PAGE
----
Warning: This story contains details that may disturb some readers.
The man responsible for one of B.C.’s most horrifying mass murders is eligible to apply for parole again this July and the families of his victims want to make sure he isn’t granted it.
In August of 1982, David Shearing, who now goes by David Ennis, shot grandparents George and Edith Bentley and parents Bob and Jackie Johnson as they camped just outside Wells Gray Provincial Park.
He then abducted the Johnson’s 13- and 11-year-old daughters, Janet and Karen, and spent several days torturing and sexually assaulting them before killing them.
He then put all six bodies into the Johnson’s car and set it on fire.
After a long, cross-Canada investigation, Ennis was arrested and later pleaded guilty to six counts of second-degree murder.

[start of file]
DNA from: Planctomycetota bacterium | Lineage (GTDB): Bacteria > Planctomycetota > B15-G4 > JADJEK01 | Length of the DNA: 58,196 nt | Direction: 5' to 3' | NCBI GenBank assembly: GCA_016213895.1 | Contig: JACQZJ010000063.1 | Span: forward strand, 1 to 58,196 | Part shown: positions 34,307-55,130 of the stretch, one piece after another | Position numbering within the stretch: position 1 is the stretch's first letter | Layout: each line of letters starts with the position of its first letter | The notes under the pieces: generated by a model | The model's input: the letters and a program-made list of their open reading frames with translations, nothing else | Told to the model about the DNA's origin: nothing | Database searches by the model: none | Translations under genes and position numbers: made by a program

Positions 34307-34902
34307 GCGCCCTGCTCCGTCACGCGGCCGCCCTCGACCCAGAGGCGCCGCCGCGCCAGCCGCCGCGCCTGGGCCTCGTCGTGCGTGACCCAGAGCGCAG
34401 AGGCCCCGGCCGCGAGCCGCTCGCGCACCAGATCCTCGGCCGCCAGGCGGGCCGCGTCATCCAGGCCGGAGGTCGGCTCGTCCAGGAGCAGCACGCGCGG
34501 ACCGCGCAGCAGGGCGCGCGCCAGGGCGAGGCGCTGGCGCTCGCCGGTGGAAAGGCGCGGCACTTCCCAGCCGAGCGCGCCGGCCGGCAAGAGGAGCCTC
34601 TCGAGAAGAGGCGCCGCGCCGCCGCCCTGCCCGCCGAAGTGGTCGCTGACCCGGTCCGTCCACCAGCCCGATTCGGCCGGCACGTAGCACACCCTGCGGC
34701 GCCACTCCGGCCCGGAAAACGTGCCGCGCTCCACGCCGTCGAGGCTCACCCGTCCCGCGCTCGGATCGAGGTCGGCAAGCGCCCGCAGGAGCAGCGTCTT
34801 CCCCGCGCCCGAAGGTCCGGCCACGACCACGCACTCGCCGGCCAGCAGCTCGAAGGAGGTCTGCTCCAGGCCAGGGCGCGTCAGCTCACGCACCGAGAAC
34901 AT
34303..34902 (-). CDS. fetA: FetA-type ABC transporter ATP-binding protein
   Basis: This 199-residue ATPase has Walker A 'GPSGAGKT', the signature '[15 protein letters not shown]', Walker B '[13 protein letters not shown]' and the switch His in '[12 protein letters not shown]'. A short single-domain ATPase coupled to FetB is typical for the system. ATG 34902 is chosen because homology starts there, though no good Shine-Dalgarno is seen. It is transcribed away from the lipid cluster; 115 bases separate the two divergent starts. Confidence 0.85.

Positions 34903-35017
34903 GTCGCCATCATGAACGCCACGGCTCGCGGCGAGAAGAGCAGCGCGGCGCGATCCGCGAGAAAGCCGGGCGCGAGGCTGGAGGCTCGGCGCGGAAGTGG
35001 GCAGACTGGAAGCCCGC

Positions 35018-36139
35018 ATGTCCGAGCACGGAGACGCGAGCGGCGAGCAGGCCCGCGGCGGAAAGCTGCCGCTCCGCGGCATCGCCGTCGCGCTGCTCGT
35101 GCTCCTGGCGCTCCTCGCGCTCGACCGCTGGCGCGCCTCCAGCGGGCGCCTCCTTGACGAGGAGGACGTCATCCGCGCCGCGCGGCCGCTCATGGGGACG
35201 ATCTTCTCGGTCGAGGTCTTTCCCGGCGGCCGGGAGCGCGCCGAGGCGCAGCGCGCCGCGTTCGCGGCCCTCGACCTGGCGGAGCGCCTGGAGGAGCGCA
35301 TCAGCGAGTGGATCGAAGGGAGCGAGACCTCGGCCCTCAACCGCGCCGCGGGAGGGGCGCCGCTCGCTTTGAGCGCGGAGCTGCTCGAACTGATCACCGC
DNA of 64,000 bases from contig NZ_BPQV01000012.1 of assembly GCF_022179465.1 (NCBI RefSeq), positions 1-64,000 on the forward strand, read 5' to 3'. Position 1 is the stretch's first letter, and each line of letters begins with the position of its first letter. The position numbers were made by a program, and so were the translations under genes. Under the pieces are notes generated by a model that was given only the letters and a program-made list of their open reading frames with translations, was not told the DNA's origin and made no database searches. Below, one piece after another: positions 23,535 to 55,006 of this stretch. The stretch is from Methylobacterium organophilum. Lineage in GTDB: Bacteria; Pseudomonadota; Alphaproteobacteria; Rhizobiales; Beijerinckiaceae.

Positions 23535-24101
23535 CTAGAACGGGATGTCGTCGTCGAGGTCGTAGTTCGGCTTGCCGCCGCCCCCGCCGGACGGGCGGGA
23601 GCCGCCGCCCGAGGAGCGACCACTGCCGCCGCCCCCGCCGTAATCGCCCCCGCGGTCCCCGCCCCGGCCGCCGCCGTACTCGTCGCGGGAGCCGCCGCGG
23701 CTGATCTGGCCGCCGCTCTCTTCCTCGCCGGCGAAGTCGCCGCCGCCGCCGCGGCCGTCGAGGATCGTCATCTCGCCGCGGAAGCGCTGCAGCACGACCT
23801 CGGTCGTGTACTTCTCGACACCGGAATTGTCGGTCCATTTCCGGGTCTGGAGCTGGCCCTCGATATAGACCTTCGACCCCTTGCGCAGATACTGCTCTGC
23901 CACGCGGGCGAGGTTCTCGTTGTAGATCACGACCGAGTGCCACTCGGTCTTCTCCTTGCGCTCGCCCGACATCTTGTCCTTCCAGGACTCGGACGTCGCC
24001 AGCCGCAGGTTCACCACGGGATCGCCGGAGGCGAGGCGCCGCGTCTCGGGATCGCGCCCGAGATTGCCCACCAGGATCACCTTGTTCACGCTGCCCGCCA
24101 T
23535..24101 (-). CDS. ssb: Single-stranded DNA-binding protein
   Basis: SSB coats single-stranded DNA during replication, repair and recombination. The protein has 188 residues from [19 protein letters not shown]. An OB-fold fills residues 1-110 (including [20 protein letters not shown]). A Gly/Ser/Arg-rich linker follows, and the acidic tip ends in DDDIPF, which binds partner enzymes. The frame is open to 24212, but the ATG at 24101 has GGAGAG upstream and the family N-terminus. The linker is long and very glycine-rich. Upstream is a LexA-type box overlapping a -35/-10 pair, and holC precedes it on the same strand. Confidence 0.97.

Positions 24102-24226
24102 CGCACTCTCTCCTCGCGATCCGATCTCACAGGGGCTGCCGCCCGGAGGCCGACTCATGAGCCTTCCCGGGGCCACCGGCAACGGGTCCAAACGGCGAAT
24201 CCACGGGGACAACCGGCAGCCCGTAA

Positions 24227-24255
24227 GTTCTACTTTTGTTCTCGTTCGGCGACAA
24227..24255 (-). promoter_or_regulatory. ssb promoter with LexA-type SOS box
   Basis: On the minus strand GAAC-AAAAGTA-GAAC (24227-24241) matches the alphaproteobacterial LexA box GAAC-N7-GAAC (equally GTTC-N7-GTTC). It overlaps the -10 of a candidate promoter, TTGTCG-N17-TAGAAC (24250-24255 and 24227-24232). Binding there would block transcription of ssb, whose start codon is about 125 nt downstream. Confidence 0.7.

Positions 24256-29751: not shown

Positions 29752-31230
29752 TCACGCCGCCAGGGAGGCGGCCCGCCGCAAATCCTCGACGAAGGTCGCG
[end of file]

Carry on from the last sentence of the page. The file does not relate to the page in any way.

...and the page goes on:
He was sentenced to life with no chance of parole for 25 years.
He has applied for and been rejected three times and has now applied again.
Shelley Boden, Bob and Jackie’s niece and cousin to Janet and Karen, said she doesn’t want to have to attend another parole hearing for the man that killed so many members of her family.
“We’re all afraid that he’s going to come out and re-offend,” she said.
“In the last five years, he hasn’t done anything to improve himself. He hasn’t done any classes or courses.”
Read more: Mass murderer forgoes parole hearing
His next hearing is set for July and the families of the victims have started an online petition that will be presented to the parole board. It says Ennis should not be given parole and should remain behind bars.
Shelley said everything has to be submitted to the parole board by May 1, including victim impact statements.
“We’re all afraid,” she said. “We don’t want him to see us.”
“What these girls endured by the hands of that monster should never happen to anybody else. It’s the worse thing that could ever happen. We can’t even imagine the terror those girls had to endure by his hands.”
-with files from Rumina Daya